A song to save a life

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Riding On Air

You’re ridin’ on rubber, you’re ridin’ on air

Helmet’s unfastened, but you don’t care

You’re racin’ on rubber, racin’ so fast

Cops will never catch you; and then you crash

(Chorus)

You wanted to fly; you got your wish

But did you really mean for everything to end like this?

If you did care, we wouldn’t have to feel blue

If you did care, we wouldn’t have to bury you

Saw your name in the paper, pictures of you

Funeral directors, doing what they do

Five minutes on Facebook; five minutes of fame

Betcha that tomorrow, they won’t remember your name

Chorus

After this, you’re just a number, six feet under

You’re just a number, six feet under

You didn’t think about your loved ones

Who would be left behind

Every day for the rest of her life

On your momma’s mind

You’re ridin’ on rubber, ridin’ on air

Helmet’s unfastened; now do you care?

Now do you care? Now do you care?

Words and music by Val Sherwood (November 2008; all rights reserved)

Dear Sir,

I totally support your recent series of articles covering the many complex aspects of how we can reduce the number of injuries/loss of life caused by our home-grown epidemic. This multifaceted approach and continuing dialogue within the community can only help.

The attached hard-hitting song was written nine years ago but is still relevant. I invite you to publish it again if it may help to save a life. I work in healthcare and encourage parents to frequently remind their children of concern for their safety. If this is hard, place a copy of Riding On Air under their pillow.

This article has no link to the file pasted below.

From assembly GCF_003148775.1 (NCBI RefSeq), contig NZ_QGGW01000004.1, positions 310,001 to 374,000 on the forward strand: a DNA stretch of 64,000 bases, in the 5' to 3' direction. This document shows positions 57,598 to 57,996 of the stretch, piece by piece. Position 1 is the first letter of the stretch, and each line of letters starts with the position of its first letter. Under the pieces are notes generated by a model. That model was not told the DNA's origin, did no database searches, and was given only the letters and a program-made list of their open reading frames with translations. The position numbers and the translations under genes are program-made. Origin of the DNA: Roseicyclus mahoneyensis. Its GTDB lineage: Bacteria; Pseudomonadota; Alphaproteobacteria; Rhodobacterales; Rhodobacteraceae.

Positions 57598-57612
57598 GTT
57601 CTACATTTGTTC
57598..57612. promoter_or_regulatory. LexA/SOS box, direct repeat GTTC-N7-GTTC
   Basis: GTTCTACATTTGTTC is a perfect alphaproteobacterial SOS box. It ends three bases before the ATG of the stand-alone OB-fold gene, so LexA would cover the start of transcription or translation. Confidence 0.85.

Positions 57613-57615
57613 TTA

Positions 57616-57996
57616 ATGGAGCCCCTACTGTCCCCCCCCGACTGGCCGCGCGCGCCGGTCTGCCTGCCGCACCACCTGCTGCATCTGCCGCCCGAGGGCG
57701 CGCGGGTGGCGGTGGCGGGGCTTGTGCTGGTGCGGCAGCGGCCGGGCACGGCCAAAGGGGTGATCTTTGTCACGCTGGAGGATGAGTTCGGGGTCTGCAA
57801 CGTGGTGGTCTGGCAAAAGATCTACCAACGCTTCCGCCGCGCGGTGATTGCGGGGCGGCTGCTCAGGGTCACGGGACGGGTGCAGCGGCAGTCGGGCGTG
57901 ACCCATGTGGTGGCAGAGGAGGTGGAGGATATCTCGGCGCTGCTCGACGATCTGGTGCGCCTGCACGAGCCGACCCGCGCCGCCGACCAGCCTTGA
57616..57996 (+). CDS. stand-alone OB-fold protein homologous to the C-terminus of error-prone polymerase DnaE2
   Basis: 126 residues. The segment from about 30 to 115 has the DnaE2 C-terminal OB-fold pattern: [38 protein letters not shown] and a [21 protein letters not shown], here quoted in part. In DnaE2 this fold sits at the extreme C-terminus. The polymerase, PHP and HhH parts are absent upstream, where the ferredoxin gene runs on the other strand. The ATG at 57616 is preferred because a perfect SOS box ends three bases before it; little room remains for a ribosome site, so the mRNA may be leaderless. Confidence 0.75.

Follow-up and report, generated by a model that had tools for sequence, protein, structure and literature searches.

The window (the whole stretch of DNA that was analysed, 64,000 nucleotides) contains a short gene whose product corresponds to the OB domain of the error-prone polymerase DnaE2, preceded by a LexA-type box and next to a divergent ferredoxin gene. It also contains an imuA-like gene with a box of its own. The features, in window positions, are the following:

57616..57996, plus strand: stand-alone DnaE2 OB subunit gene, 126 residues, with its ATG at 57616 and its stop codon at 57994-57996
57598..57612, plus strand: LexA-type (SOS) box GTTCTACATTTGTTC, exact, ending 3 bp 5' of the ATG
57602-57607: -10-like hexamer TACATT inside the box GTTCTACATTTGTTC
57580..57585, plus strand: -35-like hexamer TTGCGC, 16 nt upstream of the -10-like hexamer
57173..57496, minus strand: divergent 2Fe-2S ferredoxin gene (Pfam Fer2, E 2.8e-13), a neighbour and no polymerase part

What follows are my two suggestions to reduce road accidents:

1, Most accidents have two stages, and if we can keep to the first one that creates the risk, the second need never occur. For example, a ball going into a canal (first stage) is not a safety issue until a child decides (second stage) to go in after it. If drivers could stop choosing to go over the lines in the middle of the road, especially the yellow lines marked to indicate that it is not safe to overtake, we will reduce or even eliminate the second-stage risk caused by that decision

2, Instead of “Give Way” on the back of our buses, perhaps we should have “Do Not Pass”. In most situations when stopped on a main road at a bus stop, ie, not in a bus lay-by, there is inadequate visibility to safely pass the bus. Except for a very few busy locations, the bus will have stopped only to drop off or pick up one passenger, so we need to just be patient for that short time.

Another approach would be for the Government to acquire adjacent land to create more bus lay-bys, therefore reducing the need for buses to stop on public roads for passenger pick-up or drop-off.

VAL SHERWOOD

Singer-songwriter

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Published May 13, 2017 at 8:00 am (Updated May 12, 2017 at 11:53 pm)

A song to save a life

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